About this time a year ago I penned my review of the original Expendables movie. I am tempted to simply copy and paste it here while just adding a ‘two’ to the end of the title and maybe make some other slight changes and be done with it, but on second thought this movie does deserve a slightly more thorough job than the likes of that.
It’s not that the story, thin and paperlike as ever here is any better than that of the original movie, in fact you could argue the plot here is even simpler than that of the first. Not that there’s anything wrong with that. This is one of those movies where you don’t want too complicated of a plot getting in the way of the great fun that is the many action set pieces. There are many obvious set ups here that you can see coming a mile away.
For starters, early on we have a scene where the movie obviously attempts to build sympathy for a character by having him tell us all about his lovely fiancee and how he is to retire from the mercenary business (after one more mission) and go back home to said sweetie and live out the rest of his picturesque life in relative peace and quiet.
Hell, he might as well have just put a bullseye on his chest and picked up a megaphone and started signaling that it was now time for the bad guys to come and kill him lickity split. That said, the simple, predictable plot here is preferable to trying to orchestrate something too “contrived” that would just get in the way of the action.
This was one of the slight criticisms I had of the last movie, in that there were a few poorly developed subplots that didn’t really connect with me like the daughter of the general and all that hoopla. Here though, the story is as dead simple as it can be.
Stallone and his crew of misfits get sent on a mission by Mr. Church (Bruce Willis), which goes swimmingly until one of their own is killed (you’ll never guess which one) in an ambush by a big clan of baddies, lead by none other than Jean f’n Claude f’n Van f’n Damme! And so with that established, the mission from here on out is simple, as stated by Sly’s character while burying their fallen comrade. “Track em’. Hunt em. Kill em.”
Now of course, the main drawing point of this movie is the same as it was the last time. That being, the many, many megastars of the past all assembled into one great big brewing pot of badassedry, kicking ass and taking names like there’s no tomorrow.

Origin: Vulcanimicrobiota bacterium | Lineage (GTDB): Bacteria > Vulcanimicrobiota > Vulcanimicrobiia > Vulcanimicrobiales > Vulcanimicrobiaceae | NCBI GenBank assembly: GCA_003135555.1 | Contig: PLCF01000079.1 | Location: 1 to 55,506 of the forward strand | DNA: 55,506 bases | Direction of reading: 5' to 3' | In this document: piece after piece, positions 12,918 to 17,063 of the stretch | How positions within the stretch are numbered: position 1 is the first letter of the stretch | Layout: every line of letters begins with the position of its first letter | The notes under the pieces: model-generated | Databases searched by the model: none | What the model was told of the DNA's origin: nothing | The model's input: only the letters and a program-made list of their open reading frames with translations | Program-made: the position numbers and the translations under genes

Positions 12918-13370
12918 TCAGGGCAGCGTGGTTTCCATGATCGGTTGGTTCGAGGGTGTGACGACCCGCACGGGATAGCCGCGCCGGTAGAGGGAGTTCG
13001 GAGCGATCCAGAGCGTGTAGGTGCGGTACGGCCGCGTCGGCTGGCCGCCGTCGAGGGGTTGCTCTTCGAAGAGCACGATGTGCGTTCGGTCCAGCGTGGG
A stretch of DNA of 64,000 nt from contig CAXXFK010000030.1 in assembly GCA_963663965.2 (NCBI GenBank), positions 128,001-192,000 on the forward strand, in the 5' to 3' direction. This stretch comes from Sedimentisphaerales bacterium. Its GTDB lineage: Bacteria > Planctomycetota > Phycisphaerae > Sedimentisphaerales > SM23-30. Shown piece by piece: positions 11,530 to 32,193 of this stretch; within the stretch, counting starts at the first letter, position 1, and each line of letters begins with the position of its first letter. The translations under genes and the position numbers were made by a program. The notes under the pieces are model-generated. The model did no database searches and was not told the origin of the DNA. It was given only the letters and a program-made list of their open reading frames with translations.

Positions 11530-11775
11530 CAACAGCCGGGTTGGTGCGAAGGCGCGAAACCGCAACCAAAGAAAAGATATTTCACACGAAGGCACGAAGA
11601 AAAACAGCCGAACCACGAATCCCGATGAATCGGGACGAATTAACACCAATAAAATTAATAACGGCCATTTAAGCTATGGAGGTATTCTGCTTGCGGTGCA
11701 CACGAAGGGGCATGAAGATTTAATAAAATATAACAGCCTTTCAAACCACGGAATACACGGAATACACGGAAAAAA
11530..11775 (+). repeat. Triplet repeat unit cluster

All of the old gang from last time are here, plus tons more. Stallone again plays Barney Ross, and Jason Statham is back as Sly’s right hand man, Lee Christmas, as are Randy Couture, Terry Crews, Dolph Lundgren and Jet Li in their respective roles. Arnold Schwarzenegger and Bruce Willis who had only brief cameo appearances last time get way more screen time here, including taking a big part in the final gunfight with Van Damme’s henchmen at the close of the movie. And yes, Chuck Norris is here for a few priceless cameo moments as well, always introduced with that classic Eastwood whistling music from the Good, the Bad, and the Ugly to boot. He even gets to rattle off a ‘Chuck Norris joke’ in the movie at one point.
The only one missing entirely is Mickey Rourke, who had a small but fun role in the last film but here is nowhere to be found. Jet Li fans take note here, as Li is present for the opening mission/ action montage but then once that is done with he parachutes off with some foreign dignitary, not to be seen again for the rest of the picture. He is replaced with a lovely young Asian gal, though, who is assigned to the team by Church to help them do some high tech computer wizadry stuff they’ll need in order to complete the mission he assigns to them originally.
The real meat of this movie is the action sequences, and rest assured they are all very well done as you’d expect. Heads explode on impact after being hit with rounds fired with 50 caliber sniper rifles. Tanks are destroyed and an almost endless supply of bodies are mowed down like so much freshly cut grass. There’s lots of great hand to hand combat as well with Statham and Van Damme bringing out their usual assortment of martial arts fury.
All in all, you really can’t go wrong here if you, like me, grew up on this kind of stuff from back in the day before all these guys became “old hat” so to speak. The movie is intended solely as an homage and a tribute to that era in time where each of these guys were the sole stars of numerous blockbusters, and I’d say it more than lives up to the task of being just that.
Big time blockbuster movie sequels are hit and miss sometimes… but this one is definitely a hit I’d say. It delivers all of the great action of the first movie, and then some, and also you have basically everybody this side of Steven Segal (who hopefully will be the bad guy in the third movie) who’s ever been in an action movie in the past three decades here having a good time doing what they do best. Blowing shit up!
There were many scenes in this movie that I can’t wait to go back and watch a second time just to enjoy them all over again. To me, that is the sign that a movie has done its job very well.
If you’re looking for something to broaden your mind or help you to better appreciate the workings of the human soul, then you should probably have stopped reading this review a long, long time ago.
But, if you’re just looking for a good time to be had, and a nice “turn your brain off” kind of movie that is action packed fun from beginning to end, then this is the movie for you. Yippe-ki-yay mothertruckers. And, I’ll be back.
The Expendables 2 gets a three out of five: GOOD.